These last obligations of cooperation are of particular importance to Djibouti, in light of the regrettable maritime security issues that have plagued the Red Sea and Gulf of Aden. Djibouti is therefore pleased to have played a significant role in developing the Code of Conduct concerning the repression of piracy and armed robbery against ships in the western Indian Ocean and the Gulf of Aden, which Djibouti and 20 regional States adopted on 29 January 2009, and which is known as the Djibouti Code of Conduct. The Code, which reaffirms that “international law, as reflected in UNCLOS, sets out the legal framework applicable to combating piracy and armed robbery at sea,” memorializes the signatories’ agreement to cooperate in regard to the investigation, arrest and prosecution of those reasonably suspected of committing acts of piracy and armed robbery against ships; the interdiction and seizure of suspect ships; the rescue of ships, persons, and property; and the conduct of shared operations.
Since the adoption of the Djibouti Code of Conduct – and building on its success in facilitating cooperation – 16 regional States adopted, in January 2017, the Jeddah Amendment to the Code of Conduct. This expanded the Code’s coverage to include cooperation in regard to other activities impacting the Red Sea and Gulf of Aden, the importance of which has become increasingly clear, namely: illegal, unreported and unregulated fishing; trafficking in arms and narcotics and psychotropic substances; illegal trade in wildlife; illegal oil bunkering; crude oil theft; human trafficking and smuggling; and illegal dumping of toxic waste.
Specifically, the signatories to the Jeddah Amendment express their intention, consistent with their available resources and related priorities, their respective national laws and regulations, and applicable rules of international law, to “cooperate to the fullest possible extent in the repression of transnational organized crime in the maritime domain, maritime terrorism, IUU fishing and other illegal activities at sea.” As set out in the Jeddah Amendment, this cooperation takes the form of, among other things, sharing and reporting relevant information; interdicting ships suspected of engaging in such illegal activities; and ensuring that persons responsible are apprehended and prosecuted.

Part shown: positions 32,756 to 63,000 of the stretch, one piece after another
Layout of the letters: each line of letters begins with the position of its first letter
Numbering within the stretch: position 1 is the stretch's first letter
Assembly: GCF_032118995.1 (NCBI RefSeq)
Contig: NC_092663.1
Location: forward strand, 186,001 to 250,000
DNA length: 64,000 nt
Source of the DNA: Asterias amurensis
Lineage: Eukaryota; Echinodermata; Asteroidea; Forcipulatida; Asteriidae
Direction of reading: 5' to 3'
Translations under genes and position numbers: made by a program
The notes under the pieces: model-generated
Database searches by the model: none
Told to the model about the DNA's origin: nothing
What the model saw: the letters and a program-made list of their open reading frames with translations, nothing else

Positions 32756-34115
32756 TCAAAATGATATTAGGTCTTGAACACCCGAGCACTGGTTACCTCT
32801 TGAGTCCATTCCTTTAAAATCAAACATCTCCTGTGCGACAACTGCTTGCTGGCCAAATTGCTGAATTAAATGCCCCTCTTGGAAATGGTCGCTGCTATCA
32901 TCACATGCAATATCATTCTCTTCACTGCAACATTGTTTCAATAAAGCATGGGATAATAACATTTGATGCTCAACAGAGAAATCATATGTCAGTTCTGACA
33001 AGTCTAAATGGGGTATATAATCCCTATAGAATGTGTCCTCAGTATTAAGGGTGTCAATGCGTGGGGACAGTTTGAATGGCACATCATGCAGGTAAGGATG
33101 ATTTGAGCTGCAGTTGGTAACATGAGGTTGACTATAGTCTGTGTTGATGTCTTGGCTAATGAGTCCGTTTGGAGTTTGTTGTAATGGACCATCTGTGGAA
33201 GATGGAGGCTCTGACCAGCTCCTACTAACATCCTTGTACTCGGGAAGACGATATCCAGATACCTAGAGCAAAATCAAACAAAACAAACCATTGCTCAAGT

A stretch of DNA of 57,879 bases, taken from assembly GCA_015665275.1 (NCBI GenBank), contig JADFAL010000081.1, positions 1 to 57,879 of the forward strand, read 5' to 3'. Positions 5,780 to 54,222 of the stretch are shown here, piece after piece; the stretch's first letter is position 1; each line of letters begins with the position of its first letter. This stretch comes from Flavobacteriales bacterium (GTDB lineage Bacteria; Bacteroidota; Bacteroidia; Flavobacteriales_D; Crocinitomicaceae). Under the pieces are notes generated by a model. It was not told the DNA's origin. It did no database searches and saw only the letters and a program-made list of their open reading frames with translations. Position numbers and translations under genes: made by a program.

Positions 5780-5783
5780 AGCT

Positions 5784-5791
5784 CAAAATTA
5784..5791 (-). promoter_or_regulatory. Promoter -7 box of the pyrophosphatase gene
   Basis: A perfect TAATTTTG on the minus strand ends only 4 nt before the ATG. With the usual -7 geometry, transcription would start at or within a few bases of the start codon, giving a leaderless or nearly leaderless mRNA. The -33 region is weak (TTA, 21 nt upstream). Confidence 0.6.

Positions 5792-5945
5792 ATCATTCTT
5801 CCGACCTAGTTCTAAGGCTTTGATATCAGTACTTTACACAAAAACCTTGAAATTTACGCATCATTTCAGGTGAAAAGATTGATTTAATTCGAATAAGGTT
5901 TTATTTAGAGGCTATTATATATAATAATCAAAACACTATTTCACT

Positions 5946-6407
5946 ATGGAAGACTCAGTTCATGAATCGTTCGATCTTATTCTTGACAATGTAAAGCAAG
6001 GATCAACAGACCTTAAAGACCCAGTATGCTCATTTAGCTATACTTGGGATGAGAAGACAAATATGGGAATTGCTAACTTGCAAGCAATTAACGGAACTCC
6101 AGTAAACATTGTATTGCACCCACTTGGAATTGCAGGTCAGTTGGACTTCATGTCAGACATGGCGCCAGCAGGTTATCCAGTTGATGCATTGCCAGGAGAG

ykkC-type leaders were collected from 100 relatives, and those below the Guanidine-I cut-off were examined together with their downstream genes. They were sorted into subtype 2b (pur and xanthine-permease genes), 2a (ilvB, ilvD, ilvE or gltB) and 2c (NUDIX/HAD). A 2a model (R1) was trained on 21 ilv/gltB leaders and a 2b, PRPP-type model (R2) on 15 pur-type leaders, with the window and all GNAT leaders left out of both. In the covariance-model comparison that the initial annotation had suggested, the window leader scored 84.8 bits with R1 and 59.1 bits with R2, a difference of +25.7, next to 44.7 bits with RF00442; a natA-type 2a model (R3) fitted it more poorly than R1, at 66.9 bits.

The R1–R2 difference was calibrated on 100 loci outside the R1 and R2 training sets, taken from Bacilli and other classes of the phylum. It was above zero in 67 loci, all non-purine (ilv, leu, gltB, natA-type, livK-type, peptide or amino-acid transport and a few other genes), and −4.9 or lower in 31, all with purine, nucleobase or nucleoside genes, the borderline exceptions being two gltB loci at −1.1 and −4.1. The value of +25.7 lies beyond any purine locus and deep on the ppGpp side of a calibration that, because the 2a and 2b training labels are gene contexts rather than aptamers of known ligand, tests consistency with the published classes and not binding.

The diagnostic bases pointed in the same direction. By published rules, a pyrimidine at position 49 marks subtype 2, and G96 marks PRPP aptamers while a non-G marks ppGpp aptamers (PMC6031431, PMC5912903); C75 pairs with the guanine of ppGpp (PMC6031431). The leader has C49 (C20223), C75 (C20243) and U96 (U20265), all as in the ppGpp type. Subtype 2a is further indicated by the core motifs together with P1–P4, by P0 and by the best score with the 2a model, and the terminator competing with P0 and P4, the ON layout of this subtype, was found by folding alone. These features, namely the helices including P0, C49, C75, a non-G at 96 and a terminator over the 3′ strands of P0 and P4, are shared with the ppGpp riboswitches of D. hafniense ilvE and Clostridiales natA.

In giving these undertakings, the signatories once again acknowledged that the Convention provides the essential legal context, reaffirming that “international law, as reflected in UNCLOS, sets out the legal framework applicable to maritime economic development, maritime governance and maritime law enforcement, including combatting piracy, armed robbery at sea and other illicit maritime activity.”
And, I must add, the Indian Ocean is not the only region where States have given effect to the Convention’s obligations in respect of regional cooperation. As the Jeddah Amendment itself records, it is inspired by parallel efforts to promote regional cooperation elsewhere, including the Regional Cooperation Agreement on Combatting Piracy and Armed Robbery Against Ships in Asia, adopted in Toyko in 2004, and the Code of Conduct concerning the repression of piracy armed robbery against ships and illicit maritime activity in west and central Africa, adopted in Yaounde in 2013.
Such efforts, I would suggest, play a vital role in advancing the cause of promoting peaceful and sustainable uses of the globe’s maritime spaces. As UNCLOS enters its fifth decade, let us redouble our efforts to fully realize the Convention’s noble objectives, including through the mechanism of regional cooperation that lies at the heart of its effective implementation.
Thank you very much.